Ronni Lundy's "Victuals" Sharpens and Sweetens Our Understanding of Appalachia and Its Foodways
For weeks I avoided the rhapsodic reviews for Corbin native Ronni Lundy's category-defining new book, Victuals (public library) because I wanted to get the book from Ronni herself. I also wanted to read it fresh, without other readers framing my experience. Morris Book Shop hosted Ronni a few weeks ago and my restraint paid off: I received Victuals from Ronni's own authoritative hands. This post is an appreciation, not a review; I'll link to a few of those reviews at the end.
I had my first long, sweet, satisfying face-to-face conversation with Ronni Lundy three years ago. We talked about sorghum; she was doing the research for Sorghum's Savor, published in 2015. Yes, Victuals came out just 17 months later, on August 30, 2016.
This woman works. She produces, and not just books, although she has written and edited crucial books and periodicals for more than 20 years. By co-founding both the Southern Foodways Alliance in 1999 and the Appalachian Food Summit in 2013, and by continuing to work within both entities, Ronni invests in the long-term future. These bodies amount to powerful cultural tools dedicated to helping us understand our own history and food habits and choices, while also sustaining the recently emerging wider interest in Appalachian and southern contributions to our national table and identity.
Victuals amounts to a respectful, loving ethnography, explaining context and culture through stories of intriguing people as well as evocative photos by Johnny Autry. The recipes punctuate the narrative and illuminate key points relating to cuisine, as Vocabulary.com defines it:
A type of food that is cooked in a specific way based on a culture's ingredients, region, and traditions.
That said, I read Victuals as a personal book, one that both raised and answered questions. First, the book helps make sense of a few foods my Appalachian-born mother cooked that seemed exotic in not-Appalachian Wayne County*, less than 100 miles from Ronni's birthplace in Corbin, Kentucky. Mother's habit of making her exquisite biscuits very small? That's explained in the head note to "Bigger Isn't Better Buttermilk Biscuits." (Small biscuits cook faster and get into hungry hands more quickly.)
Mother made "Wilted Salad" each spring, marrying tender leaf lettuces, green onions, hot bacon grease and vinegar for a symbolic green-sour-salty salute to the new growing season. in Victuals, Ronni says this salad's Appalachian name is "Killed Lettuce," and then provides a recipe. Literally as I have been writing this post, the popular online cooking site Food52 promoted an adaptation of Ronni's "Killed Lettuce." That post first seemed oddly timed to me, given the salad's association with spring greens and gardens. Victuals came out at the end of August and it's fall right now, although certainly many groceries and markets carry all the ingredients for Killed Lettuce all year long at this point.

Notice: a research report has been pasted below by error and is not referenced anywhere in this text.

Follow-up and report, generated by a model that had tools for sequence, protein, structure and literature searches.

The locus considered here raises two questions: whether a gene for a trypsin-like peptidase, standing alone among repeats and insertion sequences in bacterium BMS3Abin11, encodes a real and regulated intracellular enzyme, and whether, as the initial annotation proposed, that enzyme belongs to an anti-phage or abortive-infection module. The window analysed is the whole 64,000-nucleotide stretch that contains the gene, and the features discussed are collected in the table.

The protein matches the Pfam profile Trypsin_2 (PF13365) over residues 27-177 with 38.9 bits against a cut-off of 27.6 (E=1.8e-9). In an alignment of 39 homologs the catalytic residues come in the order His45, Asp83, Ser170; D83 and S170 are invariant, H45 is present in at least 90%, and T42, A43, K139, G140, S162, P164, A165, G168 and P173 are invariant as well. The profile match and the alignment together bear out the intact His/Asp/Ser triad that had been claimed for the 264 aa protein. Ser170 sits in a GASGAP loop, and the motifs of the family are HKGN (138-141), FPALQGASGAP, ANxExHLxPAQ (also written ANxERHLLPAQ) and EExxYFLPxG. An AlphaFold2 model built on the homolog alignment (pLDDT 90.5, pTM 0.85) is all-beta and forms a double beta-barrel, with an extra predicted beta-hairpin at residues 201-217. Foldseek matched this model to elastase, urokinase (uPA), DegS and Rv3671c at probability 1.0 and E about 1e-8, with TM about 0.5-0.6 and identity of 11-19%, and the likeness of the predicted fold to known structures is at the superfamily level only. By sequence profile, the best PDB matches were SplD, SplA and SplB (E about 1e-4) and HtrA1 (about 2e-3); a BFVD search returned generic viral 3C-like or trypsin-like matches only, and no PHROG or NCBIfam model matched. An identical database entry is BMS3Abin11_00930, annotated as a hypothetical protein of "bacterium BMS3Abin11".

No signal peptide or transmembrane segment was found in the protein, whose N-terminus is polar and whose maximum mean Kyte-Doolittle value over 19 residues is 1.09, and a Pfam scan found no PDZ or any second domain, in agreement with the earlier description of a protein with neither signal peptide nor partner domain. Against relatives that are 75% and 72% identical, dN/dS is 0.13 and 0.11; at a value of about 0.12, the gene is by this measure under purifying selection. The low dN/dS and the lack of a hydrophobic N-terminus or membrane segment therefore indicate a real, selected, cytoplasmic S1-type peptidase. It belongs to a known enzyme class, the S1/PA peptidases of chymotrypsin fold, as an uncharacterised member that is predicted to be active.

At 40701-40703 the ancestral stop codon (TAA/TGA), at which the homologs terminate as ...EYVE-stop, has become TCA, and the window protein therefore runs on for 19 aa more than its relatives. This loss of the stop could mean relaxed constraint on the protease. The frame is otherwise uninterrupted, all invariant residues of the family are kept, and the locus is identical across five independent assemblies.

On second thought, though, the Food52 post and its mess of comments point to what I most respect about Ronni Lundy's work in Victuals: she brilliantly, carefully excavates the roots of Appalachian cuisine and corrects a few myths as she goes; at the same time she brings an inventive cook's sensibility to renewing workable core recipes. Wiggle room is allowed; variations on themes are welcomed. In fact, making delicious food that varies a bit according to what's on hand? That's crucial for mealtime happiness in any place where terrain, soils, climate and seasons define available foods. Theme and variation, improvisations—not strict adherence to a fixed liturgy of recipes as prescribed forms and formularies—make for good eating as well as good reading,
My mother revered her own Appalachian mother's ability to make delicious food out of what was available by using savvy flavor-boosting methods and smart preparations. Similarly, the cooks and chefs behind the recipes in Victuals treat food as a noble opportunity to tweak what's at hand to delight the senses of people gathered around the table.
The first recipe in the book offers a reinvention of chicken and dumplings ("Karl Worley's Roasted Chicken & Dumplings") that includes fresh herbs, a fresh lemon, and noteworthy amounts of heavy cream. Lemon, cream and fresh herbs in chicken-and-dumplings assured me this book avoids the doctrinaire.
Until the moment I looked at that recipe for not-my-grandmother's chicken and dumplings, I had actually been a bit scared of "Victuals." I feared it might present definitive recipes for foods that matter deeply but on which reasonable people can differ. Except few reasonable people can be found when Mama's recipe for jam cake or Uncle Joe's way of frying chicken have to be the ONLY way to heaven on earth. Something as ordinary as pan gravy can vary slightly and cause fussing from one family, valley, county or community to the next. Instead of drawing hard lines in soft earth, most of the recipes in Victuals forthrightly reflect variation based on personal and family preferences and make room for inventive cooks and chefs, including Ronni herself, to riff on Appalachian themes in the service of flavor. I applaud this approach as a reflection of how real cooking with regional ingredients actually works: people cook with what comes from nearby, and vary it based on what's at hand that might taste good.
I valued Victuals' help in getting to know more about familiar foods. On some pages I took refuge in feeling the comfort that comes from agreeing with a whole lot of people about a certain style of biscuits or a specific set of cornbread ingredients. Even more, though, I enjoyed all the new ingredients, dishes and stories in Victuals. Take sonker, for example: a luscious-sounding, juicier version of cobbler, and a word I first read in this book. Some foods with names I have heard, like tomato gravy, sallet and chow-chow, are new and exotic because I have never tasted them. And certainly Kentucky Kimchi and Icebox Green Strawberry Pickles stretch Appalachians' deep commitment to pickling and preserving far enough to approach new taste frontiers.